2012-08-20 — Recently, the photos from Chinese Internet display super-low-altitude flight training of JH-7A “Flying Leopard” fighter-bombers which were flying in the mountains. According to these photos, the shooting position is inside the cockpit, and they must be one JH-7 fighter pilot’s “self-portrait” works.
According to PLA Daily, an aviation regiment of the South China Sea Fleet of the People’s Liberation Army Navy has decreased their flight altitude from 100 meters to 50 meters during their nighttime very-low-altitude shadow flights. It also extended the penetration time from 30 seconds to 26 minutes.
These pictures also show that JH-7 has great performance in low altitude penetrating because some JH-7As in pictures can keep flight altitude at about 100 meters, which is correlated with the aircraft’s radar to enable the terrain-following capability over the land and the ability to deliver the precision strike weapons. JH-7A also features an improved ‘glass cockpit’, with a head-up display (HUD) and two large LCD multi-functional displays (MFD).
In 2009, Chen Yijian, the chief designer of JH-7 and Academician of Chinese Academy of Engineering, says China has also already fixed problems with the JH-7 turbofan. Chen says that China’s research on turbofans is still lagging behind compared with some other countries, especially the turbofans of large aircrafts. But China has been calling for more research talents to help solve this problem and China began research on the WS-15 Qinling-2 Turbofan for JH-7 in 1998. The Qinling-2 Turbofan is an improvement on the WS-9 turbofan, with increased pre-heating temperatures on the turbines and reduced weight for greater efficiency. Tests on the Qinling-2 Turbofan in October 2008 were successful. It is now technically competitive to the late M53-P2 engine from France.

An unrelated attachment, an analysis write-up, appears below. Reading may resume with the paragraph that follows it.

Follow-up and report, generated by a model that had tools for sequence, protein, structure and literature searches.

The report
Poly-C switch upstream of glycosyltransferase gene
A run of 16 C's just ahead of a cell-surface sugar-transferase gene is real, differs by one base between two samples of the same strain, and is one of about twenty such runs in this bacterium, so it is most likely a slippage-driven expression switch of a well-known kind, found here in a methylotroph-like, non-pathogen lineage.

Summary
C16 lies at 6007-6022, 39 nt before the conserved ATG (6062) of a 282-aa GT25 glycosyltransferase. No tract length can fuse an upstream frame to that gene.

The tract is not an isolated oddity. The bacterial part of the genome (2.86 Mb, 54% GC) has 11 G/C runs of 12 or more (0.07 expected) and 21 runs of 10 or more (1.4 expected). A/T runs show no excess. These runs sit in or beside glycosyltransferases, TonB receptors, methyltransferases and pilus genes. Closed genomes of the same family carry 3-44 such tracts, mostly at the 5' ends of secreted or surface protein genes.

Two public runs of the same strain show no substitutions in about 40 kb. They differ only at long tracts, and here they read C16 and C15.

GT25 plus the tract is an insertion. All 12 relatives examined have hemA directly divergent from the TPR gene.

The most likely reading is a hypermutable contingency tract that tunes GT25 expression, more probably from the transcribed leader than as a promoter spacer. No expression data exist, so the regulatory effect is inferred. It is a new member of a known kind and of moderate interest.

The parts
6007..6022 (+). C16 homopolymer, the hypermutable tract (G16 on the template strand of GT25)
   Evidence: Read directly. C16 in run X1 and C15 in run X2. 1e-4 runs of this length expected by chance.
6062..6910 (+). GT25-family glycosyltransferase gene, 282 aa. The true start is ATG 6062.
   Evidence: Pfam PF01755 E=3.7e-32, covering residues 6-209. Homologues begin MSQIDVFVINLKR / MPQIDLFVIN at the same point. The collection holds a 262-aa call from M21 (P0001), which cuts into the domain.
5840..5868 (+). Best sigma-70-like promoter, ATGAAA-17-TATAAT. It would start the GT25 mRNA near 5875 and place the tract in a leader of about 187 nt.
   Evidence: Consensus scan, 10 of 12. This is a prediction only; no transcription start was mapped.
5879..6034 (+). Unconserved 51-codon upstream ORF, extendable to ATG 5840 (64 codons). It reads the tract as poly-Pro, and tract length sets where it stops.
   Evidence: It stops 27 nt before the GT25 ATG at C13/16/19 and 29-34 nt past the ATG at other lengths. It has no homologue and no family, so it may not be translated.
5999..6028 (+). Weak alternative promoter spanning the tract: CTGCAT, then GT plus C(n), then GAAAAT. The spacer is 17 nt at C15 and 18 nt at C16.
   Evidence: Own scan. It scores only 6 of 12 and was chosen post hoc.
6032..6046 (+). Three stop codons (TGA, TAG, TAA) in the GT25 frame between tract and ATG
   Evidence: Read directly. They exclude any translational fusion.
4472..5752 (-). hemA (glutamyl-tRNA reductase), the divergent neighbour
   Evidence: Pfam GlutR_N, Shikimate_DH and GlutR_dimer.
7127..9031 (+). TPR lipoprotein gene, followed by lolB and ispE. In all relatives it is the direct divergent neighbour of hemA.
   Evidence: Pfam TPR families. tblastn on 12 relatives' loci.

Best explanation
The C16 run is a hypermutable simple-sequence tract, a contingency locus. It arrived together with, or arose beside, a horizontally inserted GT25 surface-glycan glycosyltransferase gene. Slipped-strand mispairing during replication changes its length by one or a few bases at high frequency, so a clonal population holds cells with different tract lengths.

Reports on China’s intention to cooperate with aircraft engine makers in the UK and France to improve the performance of the turbofan of PLA fighter bomber JH-7, are denied by the chief designer of the aircraft.
In 2011, North Korean leader Kim Jong-il requested the Chinese government support the North with the latest in military weapons during his trip to China last May, but China turned down the request.
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In 2011, a picture appeared on Chinese Internet displaying parts of an unknown combat plane standing at an aerodrome. The air scoop and part of the pilot’s cabin lamp, shown in the picture, resemble the shapes of fifth-generation plane parts and appear to be closely related to the Chinese J-20 prototype. However, this photo laterly was identified as fake picture produced by photoshop.